The study was undertaken to investigate whether GHRH causes desensitization in GH-secreting adenomas in analogy to the normal situation. For this purpose, GH secretion after repeated GHRH administration to acromegalic patients in vivo and cultured adenomatous somatotrophics in vitro was studied. Six acromegalic patients and 6 normal subjects received 3 consecutive 50 μg GHRH rapid iv injections at 2-h intervals. Blood samples were drawn at 0, 15, 30, 60, and 120 min after each dose. The acromegalic patients had variable responses to the first injection and in each patient the second and third injections elicited serum GH responses that were quite similar to those after the first one. The GH increment, evaluated as net incremental area under the curve (mean ± SE; nanograms per ml/120 min) was 2660 ± 1501 after the first injection, 2176 ± 1378 after the second injection, and 1978 ± 1191 after the third injection; P = NS. On the contrary, in normal subjects a marked elevation of GH was observed only after the first injection (net incremental area under the curve, mean ± SE after the first injection: 710 ± 154; after the second injection: 6 ± 39 and after the third injection: 108 ± 28, P <0.01 vs. the first dose). The effect of in vitro GHRH pretreatment on the subsequent response to GHRH was evaluated in monolayer cultures from 12 GH-secreting adenomas. At 10-8 M, GHRH significantly stimulated GH release from 8 adenomas. The GHRH pretreatment that was effective in inducing desensitization in cultured rat anterior pituitary cells, i.e. preexposure of the cultured cells to 10-8 M GHRH for 4 h at 37 C, did not abolish the GH response to the subsequent challenge with GHRH (mean percent stimulation: 150 ± 14% in untreated cells vs. 153 ± 30% in pretreated cells; P = NS). Only in one adenoma did GHRH-promoted desensitization occur. No modification was found in GHRH unresponsive adenomas. In the adenomas, not only the efficacy but also the potency of GHRH on GH release after GHRH pretreatment was of the same order of magnitude as in untreated cells. No desensitization to GHRH action occurred when the pretreatment time was prolonged up to 8 h and the GHRH concentration in the preincubation medium was increased to 10-7 M. In conclusion, the in vivo and in vitro data reported here indicate that in acromegaly GH response to GHRH persists in spite of the continuous presence of GHRH and that this secretory behavior can be at least in part attributed to an impairment of the desensitization process.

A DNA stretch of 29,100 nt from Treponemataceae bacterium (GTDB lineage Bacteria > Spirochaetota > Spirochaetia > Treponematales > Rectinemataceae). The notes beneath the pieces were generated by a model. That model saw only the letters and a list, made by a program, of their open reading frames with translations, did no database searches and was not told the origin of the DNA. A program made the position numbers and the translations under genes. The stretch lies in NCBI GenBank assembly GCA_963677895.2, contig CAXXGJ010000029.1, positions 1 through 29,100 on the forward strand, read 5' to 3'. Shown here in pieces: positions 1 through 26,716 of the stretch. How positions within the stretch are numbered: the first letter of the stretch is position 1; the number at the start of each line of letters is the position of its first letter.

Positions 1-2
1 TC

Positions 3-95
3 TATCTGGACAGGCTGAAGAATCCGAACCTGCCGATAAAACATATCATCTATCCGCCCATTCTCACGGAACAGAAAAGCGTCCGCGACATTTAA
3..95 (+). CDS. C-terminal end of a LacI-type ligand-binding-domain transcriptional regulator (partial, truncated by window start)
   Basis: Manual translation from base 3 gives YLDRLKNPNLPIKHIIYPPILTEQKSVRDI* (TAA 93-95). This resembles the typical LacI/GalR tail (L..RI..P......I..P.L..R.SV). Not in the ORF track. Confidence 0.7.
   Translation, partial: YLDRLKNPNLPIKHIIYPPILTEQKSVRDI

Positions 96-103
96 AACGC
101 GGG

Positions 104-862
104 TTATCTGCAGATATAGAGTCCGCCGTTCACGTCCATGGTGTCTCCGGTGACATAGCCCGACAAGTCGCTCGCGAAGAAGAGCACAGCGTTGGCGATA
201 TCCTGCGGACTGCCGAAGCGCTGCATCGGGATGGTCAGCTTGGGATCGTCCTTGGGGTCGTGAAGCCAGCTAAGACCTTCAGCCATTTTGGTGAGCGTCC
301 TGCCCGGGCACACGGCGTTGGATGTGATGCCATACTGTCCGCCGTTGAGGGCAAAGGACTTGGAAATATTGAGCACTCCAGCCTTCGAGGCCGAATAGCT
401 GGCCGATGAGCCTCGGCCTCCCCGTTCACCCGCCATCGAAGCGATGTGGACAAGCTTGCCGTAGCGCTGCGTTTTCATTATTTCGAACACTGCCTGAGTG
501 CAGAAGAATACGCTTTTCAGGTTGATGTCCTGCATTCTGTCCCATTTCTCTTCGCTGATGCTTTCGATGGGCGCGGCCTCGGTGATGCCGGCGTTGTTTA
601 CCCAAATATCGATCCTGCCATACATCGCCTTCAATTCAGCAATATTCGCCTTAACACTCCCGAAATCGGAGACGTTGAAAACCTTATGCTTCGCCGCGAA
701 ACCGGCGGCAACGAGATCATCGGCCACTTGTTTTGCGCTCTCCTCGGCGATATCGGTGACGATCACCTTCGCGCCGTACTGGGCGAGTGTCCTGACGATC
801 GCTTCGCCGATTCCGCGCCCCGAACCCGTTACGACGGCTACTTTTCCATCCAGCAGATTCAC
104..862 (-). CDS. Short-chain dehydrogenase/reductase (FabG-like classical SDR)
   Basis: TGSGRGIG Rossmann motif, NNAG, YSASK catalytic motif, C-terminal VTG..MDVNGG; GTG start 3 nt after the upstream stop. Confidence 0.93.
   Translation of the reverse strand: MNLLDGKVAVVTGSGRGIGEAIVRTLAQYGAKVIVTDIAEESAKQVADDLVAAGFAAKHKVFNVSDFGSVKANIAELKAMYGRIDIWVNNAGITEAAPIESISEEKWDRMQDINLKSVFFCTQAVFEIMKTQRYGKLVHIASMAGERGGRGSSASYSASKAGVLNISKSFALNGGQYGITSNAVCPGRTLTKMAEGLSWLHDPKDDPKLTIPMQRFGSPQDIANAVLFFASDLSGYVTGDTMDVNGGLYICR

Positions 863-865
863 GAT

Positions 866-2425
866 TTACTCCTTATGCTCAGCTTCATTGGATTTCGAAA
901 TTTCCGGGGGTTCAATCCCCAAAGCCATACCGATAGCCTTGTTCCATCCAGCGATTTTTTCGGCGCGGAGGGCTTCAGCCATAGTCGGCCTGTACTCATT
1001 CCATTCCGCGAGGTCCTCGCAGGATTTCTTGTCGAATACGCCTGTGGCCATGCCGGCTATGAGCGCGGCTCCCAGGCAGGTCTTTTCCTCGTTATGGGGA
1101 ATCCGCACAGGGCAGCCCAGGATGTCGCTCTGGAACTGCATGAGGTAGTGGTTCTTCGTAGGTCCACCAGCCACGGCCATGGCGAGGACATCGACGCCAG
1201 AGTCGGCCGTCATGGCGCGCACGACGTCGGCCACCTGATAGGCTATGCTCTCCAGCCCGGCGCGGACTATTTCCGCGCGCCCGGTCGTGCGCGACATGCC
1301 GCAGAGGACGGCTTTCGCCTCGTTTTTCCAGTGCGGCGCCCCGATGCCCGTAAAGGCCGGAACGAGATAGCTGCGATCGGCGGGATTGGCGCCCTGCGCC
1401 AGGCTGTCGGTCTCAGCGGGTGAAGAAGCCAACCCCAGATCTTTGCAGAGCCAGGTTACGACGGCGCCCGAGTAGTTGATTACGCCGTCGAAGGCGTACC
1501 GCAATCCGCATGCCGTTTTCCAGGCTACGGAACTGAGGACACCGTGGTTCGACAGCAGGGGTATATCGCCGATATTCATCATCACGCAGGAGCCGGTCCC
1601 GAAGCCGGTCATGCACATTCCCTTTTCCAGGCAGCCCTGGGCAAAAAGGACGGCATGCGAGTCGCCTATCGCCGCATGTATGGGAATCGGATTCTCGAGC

|Number of pages||7|
|Journal||Journal of Clinical Endocrinology and Metabolism|
|Publication status||Published - 1987|
ASJC Scopus subject areas
- Endocrinology, Diabetes and Metabolism